Cops, robbers, spies and killers: here’s half a dozen crime-thrillers with a little bit of everything – including a blood-soaked American roadtrip, top-notch Nordic noir, British political conspiracy, psychopathic siblings and the John Cardinal book they didn’t make into a TV series…
ROBBERS by Christopher Cook
One of those one-hit-wonder authors who delivered brilliance and then disappeared. This has all the anger and atmosphere of No Country For Old Men, mixed with the bittersweet philosophy of James Lee Burke’s Robicheaux series. A wildly violent roadtrip which introduces the best Texas Ranger I’ve yet met, and a trio of ne’er-do-wells, trembling on the edge of redemption. Seek out an old copy: it’s worth the effort.
The Redbreast by Jo Nesbo
The third Harry Hole investigation – but the most accessible of the early books and probably the best place for Nordic noir fans to start. Unlike its predecessors, The Redbreast is firmly based in Norway, with two timelines – one story set in Harry’s present at the turn of this century, and the other casting light on an untold aspect of Norway’s involvement in WW2. So it’s both an historical mystery and a thoroughly contemporary thriller, stacked with unexpected developments and sneaky subplots. It also features one of Nesbo’s most charming supporting characters, Ellen, whose interplay with Harry is smart, witty and heartfelt.
Seven Hells by Frank Westworth
JJ Stoner is a hard-boiled, Mike Hammer-esque ex-soldier, gun for hire and raconteur. He’s just as happy verbally sparring over a boozy lunch as he is shooting people, and this story sees a mixture of terrorist conspiracies from the past and present to keep him occupied.
Full of pithy asides about the business of violence (I particularly enjoyed ‘Men heading to roofs for nefarious purposes rarely employ the relaxing services of elevators’), Westworth’s narrative style is like a worldly, shady stranger in a boozer half-whispering a dodgy tale. Violent, old-skool and neatly plotted, Seven Hells is a great introduction to Stoner’s gritty, blood-stained world.
Sextet by Mark Fowler
Offbeat and ambitious, Sextet combines sibling rivalry, classical music, suburban domestic discord and strange sexual preferences with vicious maiming and murder to compose a particularly peculiar overture. The warped relationship between the twins – traumatised Susan and psychopathic Penny – skews all other events in the story, ensnaring a conman musician, his belligerent lover and a string of victims in its menacing melody. ‘Bad Penny’ creates a musical masterpiece based upon the themes she perceives in the dying desperation of her victims…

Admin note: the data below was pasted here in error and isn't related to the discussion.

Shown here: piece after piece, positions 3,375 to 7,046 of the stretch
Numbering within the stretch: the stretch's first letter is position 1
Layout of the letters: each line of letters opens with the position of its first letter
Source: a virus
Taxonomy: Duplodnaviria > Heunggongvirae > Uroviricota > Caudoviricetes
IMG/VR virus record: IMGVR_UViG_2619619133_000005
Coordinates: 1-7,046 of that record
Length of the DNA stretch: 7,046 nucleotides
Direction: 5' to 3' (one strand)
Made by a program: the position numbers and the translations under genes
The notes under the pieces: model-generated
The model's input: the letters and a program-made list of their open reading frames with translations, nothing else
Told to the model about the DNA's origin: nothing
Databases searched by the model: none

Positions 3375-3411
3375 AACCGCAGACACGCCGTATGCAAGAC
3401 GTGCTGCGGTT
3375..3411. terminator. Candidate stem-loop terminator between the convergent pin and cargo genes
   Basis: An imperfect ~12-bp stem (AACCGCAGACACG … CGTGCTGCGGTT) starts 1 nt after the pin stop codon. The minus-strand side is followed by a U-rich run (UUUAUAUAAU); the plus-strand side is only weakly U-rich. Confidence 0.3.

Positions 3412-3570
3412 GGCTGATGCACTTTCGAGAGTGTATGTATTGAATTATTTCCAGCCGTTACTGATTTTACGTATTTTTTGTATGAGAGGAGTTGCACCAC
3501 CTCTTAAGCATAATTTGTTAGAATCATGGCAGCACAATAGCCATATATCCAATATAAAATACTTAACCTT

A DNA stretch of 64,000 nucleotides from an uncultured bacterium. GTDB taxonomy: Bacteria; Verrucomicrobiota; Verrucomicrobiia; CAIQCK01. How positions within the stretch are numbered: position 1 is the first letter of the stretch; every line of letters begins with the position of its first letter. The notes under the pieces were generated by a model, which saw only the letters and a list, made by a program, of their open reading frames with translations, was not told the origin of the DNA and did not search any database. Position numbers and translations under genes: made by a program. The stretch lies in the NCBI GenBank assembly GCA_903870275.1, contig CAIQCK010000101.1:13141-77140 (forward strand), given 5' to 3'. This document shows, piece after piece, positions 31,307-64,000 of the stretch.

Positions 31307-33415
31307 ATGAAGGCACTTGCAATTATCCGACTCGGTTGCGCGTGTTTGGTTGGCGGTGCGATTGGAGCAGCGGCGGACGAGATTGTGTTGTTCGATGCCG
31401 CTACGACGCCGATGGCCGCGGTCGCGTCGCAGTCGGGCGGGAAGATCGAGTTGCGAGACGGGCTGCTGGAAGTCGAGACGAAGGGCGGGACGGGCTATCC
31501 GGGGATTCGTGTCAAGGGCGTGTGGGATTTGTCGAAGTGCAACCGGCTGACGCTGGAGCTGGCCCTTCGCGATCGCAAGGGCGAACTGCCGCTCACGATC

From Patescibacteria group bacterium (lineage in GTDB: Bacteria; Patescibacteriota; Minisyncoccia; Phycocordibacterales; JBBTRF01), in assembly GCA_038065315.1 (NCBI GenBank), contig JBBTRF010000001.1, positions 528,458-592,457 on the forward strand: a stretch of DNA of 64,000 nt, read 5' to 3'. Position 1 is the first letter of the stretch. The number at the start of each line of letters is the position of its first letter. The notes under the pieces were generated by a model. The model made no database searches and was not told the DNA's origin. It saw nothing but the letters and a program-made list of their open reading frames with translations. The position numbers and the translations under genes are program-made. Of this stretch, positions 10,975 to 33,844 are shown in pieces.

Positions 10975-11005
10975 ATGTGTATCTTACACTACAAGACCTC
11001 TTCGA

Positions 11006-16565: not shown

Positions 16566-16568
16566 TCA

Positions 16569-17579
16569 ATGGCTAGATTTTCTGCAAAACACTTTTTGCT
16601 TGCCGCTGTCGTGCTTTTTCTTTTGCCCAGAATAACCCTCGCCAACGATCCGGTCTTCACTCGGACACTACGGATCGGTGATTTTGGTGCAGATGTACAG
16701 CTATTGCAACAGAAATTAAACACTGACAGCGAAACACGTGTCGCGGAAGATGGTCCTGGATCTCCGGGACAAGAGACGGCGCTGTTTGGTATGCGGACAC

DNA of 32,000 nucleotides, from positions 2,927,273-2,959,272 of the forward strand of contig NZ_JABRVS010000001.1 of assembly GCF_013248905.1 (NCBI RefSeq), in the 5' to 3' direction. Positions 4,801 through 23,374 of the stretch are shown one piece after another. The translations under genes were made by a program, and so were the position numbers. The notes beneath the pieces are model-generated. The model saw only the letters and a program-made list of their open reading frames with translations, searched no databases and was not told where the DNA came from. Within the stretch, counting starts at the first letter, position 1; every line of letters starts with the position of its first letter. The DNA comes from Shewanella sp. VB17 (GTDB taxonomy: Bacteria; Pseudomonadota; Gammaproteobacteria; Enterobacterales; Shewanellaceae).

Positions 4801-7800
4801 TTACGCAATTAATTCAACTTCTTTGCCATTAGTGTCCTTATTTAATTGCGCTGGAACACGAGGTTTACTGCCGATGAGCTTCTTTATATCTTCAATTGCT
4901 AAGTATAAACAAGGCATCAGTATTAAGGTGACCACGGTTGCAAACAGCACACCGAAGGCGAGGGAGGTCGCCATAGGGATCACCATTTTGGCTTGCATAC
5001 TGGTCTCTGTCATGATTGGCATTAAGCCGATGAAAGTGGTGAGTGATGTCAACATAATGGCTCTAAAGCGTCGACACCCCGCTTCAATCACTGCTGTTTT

A bit unbalanced at times, Sextet indulges in a lot of detail about composing classical music. It’s rather more sketchy on the pivotal acts of violence: I’m not at all sure that it’s entirely easy to lop off a bloke’s personal part with a single swipe of a sharp knife; nor would that necessarily be a fatal wound. But author Mark Fowler delivers plenty of psychological twists and thrills, resolutely refusing to follow a predictable pathway.
The Faithful Spy by Jeffrey Layton
A globe-trotting contemporary spy story that isn’t too troubled by plausibility or practicality, in which The Hero is square-jawed and manly; his beloved is glossy, gorgeous, stunningly intelligent and wealthy beyond the reach of avarice, and there’s an international conspiracy which only The Hero can confound with his Russian manliness. He is of course a ‘good Russian’ in that he wants to adopt the American dream and live out a high-tech life with his unfeasibly fabulous girlfriend… but first he must complete one last job for the FSB and confound the evil machinations of the dastardly Chinese intelligence agencies (boo, hiss, etc).
The result is a by-the-numbers ‘thriller’, reminiscent of the Roger Moore era of Bond films. It’s serviceable but uninspiring. It would pass a couple of airplane hours at a pinch, but Daniel Silva’s Gabriel Allon series are much more engaging (even the most recent ones which have similarly steered into fantasyland).
The Delicate Storm by Giles Blunt
One of the books which inspired the Cardinal TV series, this is not quite so gripping or involving as Forty Words For Sorrow, mainly because it focuses on homegrown Canadian politics from 50 years ago, so it’s a struggle to relate to. The ending is more than a little anticlimactic, too.
Easy to understand why they chose not to include this storyline in the TV series. But worth reading to understand more about JC’s character, his relationship with Delorme, and how his predicament from the past is resolved…
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